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Posted by Katharina Oemmelen on

Season 4 Episode 10 – Wet’suwet’en Strong: Indigenous Land Rights in Canada

This episode discusses the Unist’ot’en campaign to protect their land and preserve it for future generations. In 2010, the Unist’ot’en began constructing a cabin within their territory in the exact place where three companies, TC Energy, Enbridge, and Pacific Trails, intended to build pipelines. Their campaign has faced hostility and violence, including from the government of Canada, and its national police force, the RCMP. Most recently, TC Energy’s Coastal GasLink project was backed by the RCMP in an attempt to gain access to the Unist’ot’en camp. To the dismay of Coastal GasLink and Canada’s colonial government, the camp has also received immense support both locally and internationally, with solidarity blockades of Canada’s railroad threatening to shut Canada down. 

Dr. Tait narrates her daily journey home on Highway 16, also known as the Highway of Tears. It received this name because of the numerous indigenous girls and women that have disappeared and supposedly been killed across the stretch of the road that leads from more populated areas to the territory of the Unist’ot’en. From the side of official authorities, there has been no attempt to resolve the cases. In fact, the Canadian police force is actively perpetrating violence against indigenous people and thus further increase the fear that Dr. Tait and other women experience travelling the 66 km road to their remote territory, knowing they could be stopped and abused at any time. 

In the 1990s , the Canadian government recognised the legal jurisdiction of the Unist’ot’en over their territory, meaning they acknowledged the clans’ right to occupy and use the land. However, both the government and police pretend as if the law doesn’t exist. This disparity in Canadian laws is as old as Canada itself. To deal with the colonial trauma that indigenous peoples have had to deal with for generations, Dr. Tait set up a cabin to function as a Healing Centre that would help indigenous peoples cope with colonial trauma. This includes the disappearance and murder of thousands of indigenous women, as well as arrests of innocent people.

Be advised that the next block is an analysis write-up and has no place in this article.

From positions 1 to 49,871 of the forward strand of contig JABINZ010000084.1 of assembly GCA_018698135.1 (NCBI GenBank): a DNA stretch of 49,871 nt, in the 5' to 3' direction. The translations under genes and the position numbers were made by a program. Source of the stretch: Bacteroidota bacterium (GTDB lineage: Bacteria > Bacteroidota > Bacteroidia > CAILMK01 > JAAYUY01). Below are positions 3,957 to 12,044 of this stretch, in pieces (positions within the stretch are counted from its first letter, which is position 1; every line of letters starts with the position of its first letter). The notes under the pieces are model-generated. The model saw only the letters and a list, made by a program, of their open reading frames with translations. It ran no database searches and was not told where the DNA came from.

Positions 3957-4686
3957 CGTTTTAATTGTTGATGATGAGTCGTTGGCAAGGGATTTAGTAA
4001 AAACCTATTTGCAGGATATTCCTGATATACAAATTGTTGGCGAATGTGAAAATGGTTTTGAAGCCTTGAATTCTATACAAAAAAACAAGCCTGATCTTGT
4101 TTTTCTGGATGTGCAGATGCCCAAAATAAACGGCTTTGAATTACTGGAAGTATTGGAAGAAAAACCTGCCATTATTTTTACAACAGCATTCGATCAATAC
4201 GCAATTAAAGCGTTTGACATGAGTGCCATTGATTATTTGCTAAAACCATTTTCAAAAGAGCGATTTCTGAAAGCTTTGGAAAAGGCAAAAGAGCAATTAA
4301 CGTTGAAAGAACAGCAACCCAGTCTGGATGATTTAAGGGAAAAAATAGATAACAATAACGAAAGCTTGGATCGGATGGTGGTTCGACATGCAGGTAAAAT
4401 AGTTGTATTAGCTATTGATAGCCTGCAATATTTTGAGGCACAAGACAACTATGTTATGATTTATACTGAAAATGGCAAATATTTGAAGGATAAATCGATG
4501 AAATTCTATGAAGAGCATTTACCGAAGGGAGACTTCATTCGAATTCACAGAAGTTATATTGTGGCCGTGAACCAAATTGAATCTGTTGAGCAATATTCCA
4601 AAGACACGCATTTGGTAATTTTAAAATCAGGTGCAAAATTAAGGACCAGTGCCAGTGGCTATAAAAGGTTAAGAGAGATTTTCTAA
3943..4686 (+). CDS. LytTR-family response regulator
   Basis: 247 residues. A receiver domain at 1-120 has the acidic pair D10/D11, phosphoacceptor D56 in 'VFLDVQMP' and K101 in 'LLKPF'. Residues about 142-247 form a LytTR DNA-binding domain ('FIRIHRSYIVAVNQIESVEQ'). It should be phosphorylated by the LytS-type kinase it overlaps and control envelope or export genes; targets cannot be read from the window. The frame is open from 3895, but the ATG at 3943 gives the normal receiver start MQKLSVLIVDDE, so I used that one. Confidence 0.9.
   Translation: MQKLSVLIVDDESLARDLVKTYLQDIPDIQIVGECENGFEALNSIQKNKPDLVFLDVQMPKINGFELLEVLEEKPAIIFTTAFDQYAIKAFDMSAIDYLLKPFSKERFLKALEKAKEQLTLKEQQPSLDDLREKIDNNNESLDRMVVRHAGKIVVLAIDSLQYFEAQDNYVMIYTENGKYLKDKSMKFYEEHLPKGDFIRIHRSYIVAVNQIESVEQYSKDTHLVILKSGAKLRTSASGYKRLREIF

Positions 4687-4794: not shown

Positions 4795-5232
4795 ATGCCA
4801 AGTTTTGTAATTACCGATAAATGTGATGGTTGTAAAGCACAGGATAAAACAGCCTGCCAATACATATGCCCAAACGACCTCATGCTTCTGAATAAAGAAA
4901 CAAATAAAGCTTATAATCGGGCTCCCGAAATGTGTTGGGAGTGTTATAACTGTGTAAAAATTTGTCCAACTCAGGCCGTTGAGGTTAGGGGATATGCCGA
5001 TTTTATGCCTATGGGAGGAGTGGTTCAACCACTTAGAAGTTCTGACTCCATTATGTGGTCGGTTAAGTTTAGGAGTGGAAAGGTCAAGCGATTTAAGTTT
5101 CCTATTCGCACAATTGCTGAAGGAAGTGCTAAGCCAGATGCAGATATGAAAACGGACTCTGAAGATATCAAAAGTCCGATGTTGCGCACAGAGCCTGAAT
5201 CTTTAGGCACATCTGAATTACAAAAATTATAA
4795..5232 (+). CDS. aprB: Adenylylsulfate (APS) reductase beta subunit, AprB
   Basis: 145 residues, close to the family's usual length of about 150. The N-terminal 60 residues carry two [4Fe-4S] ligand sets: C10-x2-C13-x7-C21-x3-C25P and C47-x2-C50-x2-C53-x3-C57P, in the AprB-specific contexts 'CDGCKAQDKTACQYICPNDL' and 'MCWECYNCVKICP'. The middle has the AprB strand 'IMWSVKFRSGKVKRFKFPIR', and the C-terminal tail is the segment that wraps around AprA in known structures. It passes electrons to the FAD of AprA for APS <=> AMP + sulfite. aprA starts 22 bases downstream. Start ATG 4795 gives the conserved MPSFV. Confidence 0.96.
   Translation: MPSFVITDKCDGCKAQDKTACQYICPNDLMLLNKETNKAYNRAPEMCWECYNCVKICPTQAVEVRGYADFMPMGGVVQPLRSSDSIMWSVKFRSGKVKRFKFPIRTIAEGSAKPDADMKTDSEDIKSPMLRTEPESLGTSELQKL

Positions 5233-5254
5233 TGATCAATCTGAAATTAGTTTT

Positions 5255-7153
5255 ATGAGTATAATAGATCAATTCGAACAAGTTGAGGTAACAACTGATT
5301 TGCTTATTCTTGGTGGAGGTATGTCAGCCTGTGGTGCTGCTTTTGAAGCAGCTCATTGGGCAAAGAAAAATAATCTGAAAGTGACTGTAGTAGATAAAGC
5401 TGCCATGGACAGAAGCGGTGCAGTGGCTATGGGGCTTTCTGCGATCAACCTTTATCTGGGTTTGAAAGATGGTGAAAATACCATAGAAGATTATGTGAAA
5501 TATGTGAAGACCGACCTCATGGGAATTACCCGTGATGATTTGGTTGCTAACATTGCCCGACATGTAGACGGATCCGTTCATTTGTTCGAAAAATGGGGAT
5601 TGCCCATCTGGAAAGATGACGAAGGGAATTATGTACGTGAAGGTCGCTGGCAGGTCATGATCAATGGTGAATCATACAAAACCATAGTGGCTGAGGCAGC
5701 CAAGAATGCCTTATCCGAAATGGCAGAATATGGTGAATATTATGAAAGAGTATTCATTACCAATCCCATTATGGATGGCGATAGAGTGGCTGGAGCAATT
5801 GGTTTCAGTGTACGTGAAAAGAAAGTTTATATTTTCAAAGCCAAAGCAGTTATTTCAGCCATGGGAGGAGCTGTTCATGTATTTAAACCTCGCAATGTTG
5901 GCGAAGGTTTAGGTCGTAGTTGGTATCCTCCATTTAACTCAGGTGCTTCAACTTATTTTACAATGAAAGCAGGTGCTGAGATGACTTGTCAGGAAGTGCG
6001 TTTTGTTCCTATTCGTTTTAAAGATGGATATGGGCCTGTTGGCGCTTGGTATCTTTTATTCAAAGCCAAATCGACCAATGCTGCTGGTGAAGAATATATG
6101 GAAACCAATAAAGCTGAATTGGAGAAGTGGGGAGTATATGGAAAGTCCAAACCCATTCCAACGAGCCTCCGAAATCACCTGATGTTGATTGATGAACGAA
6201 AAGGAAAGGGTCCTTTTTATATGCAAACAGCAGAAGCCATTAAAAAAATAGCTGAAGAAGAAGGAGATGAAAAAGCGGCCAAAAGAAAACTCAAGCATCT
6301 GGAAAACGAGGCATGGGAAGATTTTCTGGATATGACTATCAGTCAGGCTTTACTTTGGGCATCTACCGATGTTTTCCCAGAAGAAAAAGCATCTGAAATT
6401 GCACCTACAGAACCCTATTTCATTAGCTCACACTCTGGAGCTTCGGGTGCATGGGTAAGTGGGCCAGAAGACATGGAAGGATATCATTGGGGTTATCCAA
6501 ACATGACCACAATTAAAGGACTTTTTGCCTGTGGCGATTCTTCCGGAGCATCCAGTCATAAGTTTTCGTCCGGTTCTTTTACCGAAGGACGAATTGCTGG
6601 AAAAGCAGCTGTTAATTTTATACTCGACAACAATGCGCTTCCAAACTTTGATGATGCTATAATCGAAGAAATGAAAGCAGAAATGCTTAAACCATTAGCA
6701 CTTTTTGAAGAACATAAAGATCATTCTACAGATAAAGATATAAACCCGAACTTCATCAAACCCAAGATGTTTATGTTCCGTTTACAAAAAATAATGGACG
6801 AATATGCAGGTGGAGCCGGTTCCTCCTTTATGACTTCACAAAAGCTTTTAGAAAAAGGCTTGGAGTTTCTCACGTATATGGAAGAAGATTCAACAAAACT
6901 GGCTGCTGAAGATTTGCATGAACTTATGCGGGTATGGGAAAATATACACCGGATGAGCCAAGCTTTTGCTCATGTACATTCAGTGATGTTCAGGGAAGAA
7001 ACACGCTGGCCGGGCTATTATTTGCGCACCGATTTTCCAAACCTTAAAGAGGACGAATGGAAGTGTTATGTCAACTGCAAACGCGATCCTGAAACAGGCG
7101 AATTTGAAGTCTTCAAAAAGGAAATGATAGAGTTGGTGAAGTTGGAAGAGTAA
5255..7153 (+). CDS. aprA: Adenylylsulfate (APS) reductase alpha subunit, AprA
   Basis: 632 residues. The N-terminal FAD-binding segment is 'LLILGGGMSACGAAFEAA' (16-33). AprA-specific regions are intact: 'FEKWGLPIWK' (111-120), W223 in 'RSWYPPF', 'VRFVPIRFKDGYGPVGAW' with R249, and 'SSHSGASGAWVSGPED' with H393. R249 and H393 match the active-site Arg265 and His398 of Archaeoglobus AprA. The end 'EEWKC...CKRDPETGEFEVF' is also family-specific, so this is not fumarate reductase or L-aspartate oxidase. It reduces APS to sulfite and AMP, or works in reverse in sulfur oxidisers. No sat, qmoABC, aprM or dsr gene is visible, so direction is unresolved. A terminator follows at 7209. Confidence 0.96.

The situation is worsened by the construction of the Coastal GasLinks pipeline, planned to run directly through the Unist’ot’en territory. Following an interim injunction at the BC supreme court, the company received permission to access the territory for pre-construction work. This resulted in the establishment of a land camp, containing hundreds of workers that are further undermining the indigenous peoples’ security. 

“It is worrying that industrial workers, who come freely and go freely from our territory without any kind of police checks, without any kind of accountability, without any connection to the land or the people in the area” 

Nevertheless, the chiefs at first decided not to resist, hoping for a just verdict. However, the courts’ final verdict was that anyone attempting to interfere with CGLs’ work would be breaching injunction and thus subject to arrest. When the chiefs attempted to resist, basing their actions on Wetsueten law, the police violently enforced the courts’ decision and further marginalised the indigenous clan. The episode gives an insightful overview over the legal human rights abuses taking place in Canada. These should be seen in the bigger picture, as globally indigenous peoples are discriminated against the law and find themselves in powerless positions to challenge authorities. 

Link for further information:

  • Unist’ot’en website with recent updates –
  • Link between ‘men camps’ and violence against women –
  • Interview with another activist –
  • On indigenous law –
Posted by Katharina Oemmelen on

Season 4 Episode 9 – Forced Labour in China’s Prisons: A Conversation with Peter Humphrey

In December, a six year old British girl buys cheap Christmas cards from Tesco for her friends. Suddenly, she turns to her dad and says: “Daddy, someone has already written in this one”. What he finds is a cry for help from a Chinese prisoner forced to manufacture the cards. In this episode we talk to Peter Humphrey, who was himself wrongly incarnated in the Shanghai prison where the Christmas card was manufactured. This episode touches on the conditions of forced labour in Chinese prisons, corporate social responsibility and the steps consumers can take to stop such grave human rights violations from happening.